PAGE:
Various Artists - North By North West: Liverpool & Manchester from Punk to Post-Punk & Beyond 1976-1984

All you daughters and sons
who are sick of fancy music
We dig repetition
Repetition on the drums
and we're never going to lose it.

The Fall - "Repetition"

As a b-side, it may not be the most obvious Fall track to include but it sets the scene nicely. Two cities. Eight years of music. A thousand different sounds. Still reverberating.

Curated by Late Review regular Paul Morley, this 2-CD* set gathers together the heavyweights from the punk and post-punk scenes of Liverpool and Manchester, alongside more obscure releases from an incredibly fertile period of British music. And despite the ubiquity of tracks like "Boredom" or "Transmission", some of the material will be the kind of thing you'll be aware of, without having necessarily heard (i.e. Crispy Ambulance or Royal Family And The Poor).

There are so many cliches about the different scenes in both cities, but everything becomes more fluid as the discs unfold. True, the Manc material is generally more austere, but "Time Goes By So Slow" by The Distractions is a slice of pure Merseybeat if there ever was one and The Spitfire Boys' "British Refugee" - with future FGTH and Banshees members - is snottier than anything from the streets of Mosside.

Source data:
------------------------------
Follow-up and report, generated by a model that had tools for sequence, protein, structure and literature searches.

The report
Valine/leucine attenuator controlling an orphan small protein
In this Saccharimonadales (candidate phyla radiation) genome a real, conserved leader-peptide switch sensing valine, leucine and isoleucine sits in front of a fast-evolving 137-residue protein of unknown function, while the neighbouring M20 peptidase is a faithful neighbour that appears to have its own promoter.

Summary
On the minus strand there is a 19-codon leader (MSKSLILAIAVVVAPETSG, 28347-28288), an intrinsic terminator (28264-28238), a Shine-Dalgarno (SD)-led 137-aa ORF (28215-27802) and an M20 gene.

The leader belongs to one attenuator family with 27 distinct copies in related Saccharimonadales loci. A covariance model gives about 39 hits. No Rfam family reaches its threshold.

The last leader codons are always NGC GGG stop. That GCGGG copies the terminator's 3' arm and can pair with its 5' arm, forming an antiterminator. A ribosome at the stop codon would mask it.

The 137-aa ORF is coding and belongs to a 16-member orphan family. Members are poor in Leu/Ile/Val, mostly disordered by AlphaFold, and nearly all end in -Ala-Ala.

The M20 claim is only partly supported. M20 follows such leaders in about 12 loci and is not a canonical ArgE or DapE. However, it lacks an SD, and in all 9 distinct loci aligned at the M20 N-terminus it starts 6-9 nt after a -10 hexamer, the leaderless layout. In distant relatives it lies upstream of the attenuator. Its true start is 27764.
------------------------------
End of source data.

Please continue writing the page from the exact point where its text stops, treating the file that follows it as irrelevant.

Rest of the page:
A few of the Liverpool bands had a classic air that travelled well overseas (so we get a few John Hughes soundtrack moments) but it's blindingly obvious that even so-called pop stuff like early OMD still echoes through acts like Air, for example. And "Relax" is not only a truly great slice of British pop, it's also odd and disconcerting and entirely appropriate alongside the glacial ambience of the Durutti Column. So it's not quite so easy to dismiss the Mersey bands as being the more careerist - especially when faced with the likes of Big In Japan's raucous eponymous rant.

A textbook example of how a compilation should be put together then and one that proves the continuing relevance of the music - although you wonder whether anyone will ever pick up the PIL-esque baton of Section 25, rather than continually xeroxing Joy Division.

With such a rich seam of history to work with, how about other regional sets: Glasgow vs. Edinburgh perhaps?

A third bonus disc is available for a limited period.

Overall

9

out of 10

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